Fujifilm X-A2none n 3.0 920 tilting n 1/4000s 5.6 Y n
 
Fujifilm X-T102360 n 3.0 920 tilting n 1/4000s 8.0 Y n
 
Fujifilm X100T2360 n 3.0 1040 fixed n 1/4000s 6.0 Y n
 
Fujifilm X100S2360 n 2.8 460 fixed n 1/4000s 6.0 Y n
 
Fujifilm X-A1none n 3.0 920 tilting n 1/4000s 5.6 Y n
 
Fujifilm X-E22360 n 3.0 1040 fixed n 1/4000s 7.0 Y n
 
Fujifilm X-M1none n 3.0 920 tilting n 1/4000s 5.6 Y n
 
Fujifilm X-Pro11440 n 3.0 1230 fixed n 1/4000s 6.0 n n

One difference between the cameras concerns the presence of an on-board flash. The X100F has one, while the X-T1 does not. While the built-in flash of the X100F is not very powerful, it can at times be useful as a fill-in light.

The reported shutter speed information refers to the use of the mechanical shutter. Yet, some cameras only have an electronic shutter, while others have an electronic shutter in addition to a mechanical one. In fact, both cameras under consideration feature an electronic shutter, which makes completely silent shooting possible. However, this mode is less suitable for photographing moving objects (risk of rolling shutter) or shooting under artificial light sources (risk of flickering).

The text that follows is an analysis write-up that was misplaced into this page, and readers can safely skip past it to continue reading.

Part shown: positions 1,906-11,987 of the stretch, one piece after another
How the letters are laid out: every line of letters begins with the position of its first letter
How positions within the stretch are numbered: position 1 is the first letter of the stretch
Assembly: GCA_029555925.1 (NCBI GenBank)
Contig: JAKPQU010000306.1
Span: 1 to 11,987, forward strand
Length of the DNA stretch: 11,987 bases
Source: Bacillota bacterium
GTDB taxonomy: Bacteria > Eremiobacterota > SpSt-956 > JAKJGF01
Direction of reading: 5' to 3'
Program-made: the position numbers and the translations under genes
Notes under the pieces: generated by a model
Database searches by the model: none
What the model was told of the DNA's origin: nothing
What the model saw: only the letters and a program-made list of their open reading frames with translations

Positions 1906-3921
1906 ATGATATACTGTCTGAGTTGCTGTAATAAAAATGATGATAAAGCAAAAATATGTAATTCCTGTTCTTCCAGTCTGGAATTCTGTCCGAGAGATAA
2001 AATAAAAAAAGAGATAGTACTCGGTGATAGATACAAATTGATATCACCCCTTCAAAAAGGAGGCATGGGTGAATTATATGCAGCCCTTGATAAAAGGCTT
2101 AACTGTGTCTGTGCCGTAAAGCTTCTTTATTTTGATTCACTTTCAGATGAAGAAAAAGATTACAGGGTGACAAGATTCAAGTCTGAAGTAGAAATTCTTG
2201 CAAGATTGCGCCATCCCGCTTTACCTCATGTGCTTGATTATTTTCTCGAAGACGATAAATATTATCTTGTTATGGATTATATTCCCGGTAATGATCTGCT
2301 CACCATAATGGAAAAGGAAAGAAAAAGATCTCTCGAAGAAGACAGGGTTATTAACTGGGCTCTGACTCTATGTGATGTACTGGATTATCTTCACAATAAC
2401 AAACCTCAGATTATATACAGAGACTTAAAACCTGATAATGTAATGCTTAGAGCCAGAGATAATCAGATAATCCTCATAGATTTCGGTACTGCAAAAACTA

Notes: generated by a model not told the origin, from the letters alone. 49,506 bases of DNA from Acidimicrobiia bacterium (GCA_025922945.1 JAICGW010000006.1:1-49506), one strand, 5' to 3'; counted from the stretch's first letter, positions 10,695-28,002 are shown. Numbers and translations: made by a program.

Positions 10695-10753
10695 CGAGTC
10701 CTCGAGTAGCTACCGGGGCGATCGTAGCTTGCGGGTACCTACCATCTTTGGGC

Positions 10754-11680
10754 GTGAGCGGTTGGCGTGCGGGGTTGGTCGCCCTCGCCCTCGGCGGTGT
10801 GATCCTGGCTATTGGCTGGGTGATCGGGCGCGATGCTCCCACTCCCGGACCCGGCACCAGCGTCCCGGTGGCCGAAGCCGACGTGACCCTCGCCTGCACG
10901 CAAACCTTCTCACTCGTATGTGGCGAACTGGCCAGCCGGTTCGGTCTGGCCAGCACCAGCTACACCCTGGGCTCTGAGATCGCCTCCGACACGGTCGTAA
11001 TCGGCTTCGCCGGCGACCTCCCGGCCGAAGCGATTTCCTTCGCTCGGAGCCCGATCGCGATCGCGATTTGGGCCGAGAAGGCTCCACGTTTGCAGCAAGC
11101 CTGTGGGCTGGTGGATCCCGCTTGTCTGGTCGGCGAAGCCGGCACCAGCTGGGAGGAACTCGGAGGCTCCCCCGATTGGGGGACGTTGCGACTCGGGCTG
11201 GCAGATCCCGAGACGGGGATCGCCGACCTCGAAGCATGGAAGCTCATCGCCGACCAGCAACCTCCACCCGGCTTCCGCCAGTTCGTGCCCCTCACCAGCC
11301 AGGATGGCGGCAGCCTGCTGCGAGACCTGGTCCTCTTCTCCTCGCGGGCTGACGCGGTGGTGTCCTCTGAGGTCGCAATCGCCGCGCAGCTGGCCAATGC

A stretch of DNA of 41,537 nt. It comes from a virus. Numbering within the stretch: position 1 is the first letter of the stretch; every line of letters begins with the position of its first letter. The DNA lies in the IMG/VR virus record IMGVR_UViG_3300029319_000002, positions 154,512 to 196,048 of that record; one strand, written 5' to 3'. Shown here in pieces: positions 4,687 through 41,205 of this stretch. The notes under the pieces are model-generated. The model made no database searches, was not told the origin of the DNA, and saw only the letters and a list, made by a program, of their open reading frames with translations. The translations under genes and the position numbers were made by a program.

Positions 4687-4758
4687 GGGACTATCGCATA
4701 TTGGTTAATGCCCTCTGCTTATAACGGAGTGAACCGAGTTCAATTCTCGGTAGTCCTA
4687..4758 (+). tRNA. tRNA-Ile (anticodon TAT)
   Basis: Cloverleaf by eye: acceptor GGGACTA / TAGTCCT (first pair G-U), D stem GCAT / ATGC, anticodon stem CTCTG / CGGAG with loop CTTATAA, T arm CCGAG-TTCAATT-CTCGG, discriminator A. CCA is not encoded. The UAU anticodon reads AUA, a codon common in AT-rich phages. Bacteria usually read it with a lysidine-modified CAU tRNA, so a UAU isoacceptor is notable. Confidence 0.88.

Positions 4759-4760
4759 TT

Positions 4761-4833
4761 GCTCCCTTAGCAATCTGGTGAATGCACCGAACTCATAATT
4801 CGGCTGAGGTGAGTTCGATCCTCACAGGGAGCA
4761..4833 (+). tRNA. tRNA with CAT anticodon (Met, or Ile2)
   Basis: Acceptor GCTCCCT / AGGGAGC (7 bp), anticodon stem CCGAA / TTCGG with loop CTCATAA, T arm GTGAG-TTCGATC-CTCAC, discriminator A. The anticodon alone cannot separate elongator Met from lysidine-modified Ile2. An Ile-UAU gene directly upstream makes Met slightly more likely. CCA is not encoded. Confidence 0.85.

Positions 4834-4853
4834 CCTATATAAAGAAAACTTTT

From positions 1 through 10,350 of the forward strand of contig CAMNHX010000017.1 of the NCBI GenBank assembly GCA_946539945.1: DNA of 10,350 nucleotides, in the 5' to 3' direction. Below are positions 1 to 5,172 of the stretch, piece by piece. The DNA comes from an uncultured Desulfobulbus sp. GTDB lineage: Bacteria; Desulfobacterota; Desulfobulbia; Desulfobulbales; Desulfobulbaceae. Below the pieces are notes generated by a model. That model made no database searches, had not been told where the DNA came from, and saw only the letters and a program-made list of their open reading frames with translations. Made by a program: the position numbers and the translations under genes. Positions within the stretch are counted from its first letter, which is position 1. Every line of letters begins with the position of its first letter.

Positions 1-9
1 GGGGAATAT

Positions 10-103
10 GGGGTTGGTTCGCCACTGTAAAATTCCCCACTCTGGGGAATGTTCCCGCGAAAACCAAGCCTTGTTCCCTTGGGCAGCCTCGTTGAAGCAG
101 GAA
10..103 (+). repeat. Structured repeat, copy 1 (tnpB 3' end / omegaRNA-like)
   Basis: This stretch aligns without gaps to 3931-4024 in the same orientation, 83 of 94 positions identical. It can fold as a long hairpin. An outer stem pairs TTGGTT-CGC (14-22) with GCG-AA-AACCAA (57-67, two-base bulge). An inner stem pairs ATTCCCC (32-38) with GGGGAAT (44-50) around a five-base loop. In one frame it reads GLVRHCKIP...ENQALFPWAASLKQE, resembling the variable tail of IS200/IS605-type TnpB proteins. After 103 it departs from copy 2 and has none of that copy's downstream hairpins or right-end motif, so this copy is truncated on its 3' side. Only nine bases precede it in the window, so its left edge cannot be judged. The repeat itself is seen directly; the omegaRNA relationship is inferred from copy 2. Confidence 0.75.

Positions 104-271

The Fujifilm X-T1 and the Fujifilm X100F both have an intervalometer built-in. This enables the photographer to capture time lapse sequences, such as flower blooming, a sunset or moon rise, without purchasing an external camera trigger and related software.

Concerning the storage of imaging data, both the X-T1 and the X100F write their files to SDXC cards. The X-T1 supports UHS-II cards (Ultra High Speed data transfer of up to 312 MB/s), while the X100F can use UHS-I cards (up to 104 MB/s).

Connectivity comparison

For some imaging applications, the extent to which a camera can communicate with its environment can be an important aspect in the camera decision process. The table below provides an overview of the connectivity of the Fujifilm X-T1 and Fujifilm X100F and, in particular, the interfaces the cameras (and selected comparators) provide for accessory control and data transfer.

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Input-Output Connections
  Camera
Model
Hotshoe
Port
Internal
Microphone
Internal
Speaker
Microphone
Port
Headphone
Port
HDMI
Port
USB
Port
WiFi
Support
NFC
Support
Bluetooth
Support
 
Fujifilm X-T1YstereomonoY-mini2.0Y--
 
Fujifilm X100FYstereomonoY-micro2.0Y--
 
Fujifilm X100VYstereomonoY-micro3.1Y-Y
 
Fujifilm XF10-stereomonoY-micro2.0Y-Y
 
Fujifilm X-T3YstereomonoYYmicro3.1Y-Y
 
Fujifilm X-Pro2YstereomonoY-micro2.0Y--
 
Fujifilm X-T2YstereomonoY-micro3.0Y--
 
Fujifilm X-A2Ystereomono--mini2.0Y--
 
Fujifilm X-T10YstereomonoY-micro2.0Y--
 
Fujifilm X100TYstereomonoY-micro2.0Y--
 
Fujifilm X100SYstereomono--micro2.0---
 
Fujifilm X-A1Ystereomono--mini2.0Y--
 
Fujifilm X-E2YstereomonoY-micro2.0Y--
 
Fujifilm X-M1Ystereomono--mini2.0Y--
 
Fujifilm X-Pro1Ystereomono--mini2.0---